NVIDIA's (NVDA -3.97%) graphics card business has been a tremendous growth engine propelling its stock to multibagger status for shareholders who have held the stock even for just a few years. But this innovator isn't resting on its success. On a Fool Live episode recorded on March 17, Fool.com contributors Brian Feroldi, Brian Stoffel, and Brian Withers discuss an exciting growth avenue it is pursuing and why this growth stock is still a solid investment for shareholders with a long-term mindset.
Brian Withers: There's an MIT spin-off called Derq, D-E-R-Q, that's using NVIDIA products to make AI and traffic intersections in roads safer. They have been gathering data for three years on real-world insights from an intersection in Detroit that's had a lot of crashes. The company has used their hardware to run their system. This AI bot that they are creating will be incorporated into NVIDIA's Metropolis software ecosystem that will help create smart cities. Derq is helping NVIDIA and NVIDIA is helping Derq. They've successfully shown that they can predict cars running red lights. This is the cool part for me, they can warn driver assistance systems and driverless cars to the potential of the accident before it can happen. You imagine sitting in traffic light and all of a sudden, your dash lights up and tells you not to go because somebody's coming the other direction. That's the power of what NVIDIA's video platform that's taking the world in and then transferring the data and converting it to real-world information.
What to watch for NVIDIA? They have an analyst day coming up on April 12. The optionality for this company is just amazing. Like I said, the graphics cards capabilities is still their biggest unit, AI is still pretty small, but just the power of this Derq example shows how NVIDIA can play in this next big wave of AI and interpreting visual information into real-world information. What do you guys think about NVIDIA? You're muted.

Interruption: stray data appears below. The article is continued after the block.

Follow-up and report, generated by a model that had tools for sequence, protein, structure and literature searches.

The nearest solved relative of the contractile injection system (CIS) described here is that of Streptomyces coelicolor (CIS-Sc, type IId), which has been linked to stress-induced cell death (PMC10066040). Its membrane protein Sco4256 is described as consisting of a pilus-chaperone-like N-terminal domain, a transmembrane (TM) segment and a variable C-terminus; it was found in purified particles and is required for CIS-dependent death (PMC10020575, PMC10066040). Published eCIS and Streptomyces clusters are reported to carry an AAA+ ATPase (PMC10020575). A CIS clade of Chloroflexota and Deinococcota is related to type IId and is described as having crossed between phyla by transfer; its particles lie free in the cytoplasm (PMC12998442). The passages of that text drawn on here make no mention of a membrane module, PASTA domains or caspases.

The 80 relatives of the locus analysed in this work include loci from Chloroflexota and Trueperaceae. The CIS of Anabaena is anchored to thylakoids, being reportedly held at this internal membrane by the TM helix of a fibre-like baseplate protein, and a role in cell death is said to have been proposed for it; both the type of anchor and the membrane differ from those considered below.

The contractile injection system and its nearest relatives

Brian Stoffel: I was muted. I have a question about NVIDIA. Normally, I stay away from hardware makers. I don't own shares of NVIDIA and part of that is because I believe that there's potential to get leapfrogged and to be commoditized. Do you see that as a threat? It's obviously always there, but who do you see as the biggest threat to that, for investors looking to buy shares of NVIDIA?
Withers: I'm like you. I'm not a big hardware player, but what I would say of NVIDIA is competition has always been a threat for them. Intel could have done it, AMD could've done it, but nobody has innovated as fast as NVIDIA. Sometimes, they come out with a graphics chip that isn't as great, but then they figure it out and roll it out the next time. I would watch to make sure NVIDIA's innovation engine is still humming at a high speed and that would be the [way it's] keeping the competition at bay.
Brian Feroldi: Brian, if you look at Tesla, they're making investments into their own chip and they have said that they plan on offering their system to other automakers. If they leapfrog NVIDIA and their chip dominates, does that kill the NVIDIA thesis?
Withers: I don't know that anything can kill the NVIDIA thesis because they have multiple streams of revenue. They have a pretty anti-fragile business with multiple streams. But Tesla's not the only car out there that's going to need these systems.
Stoffel: Before Brian Feroldi takes the next one, I will just say, of all hardware makers, NVIDIA gets one of the highest anti-fragile scores.
Feroldi: For sure. Super high-quality company.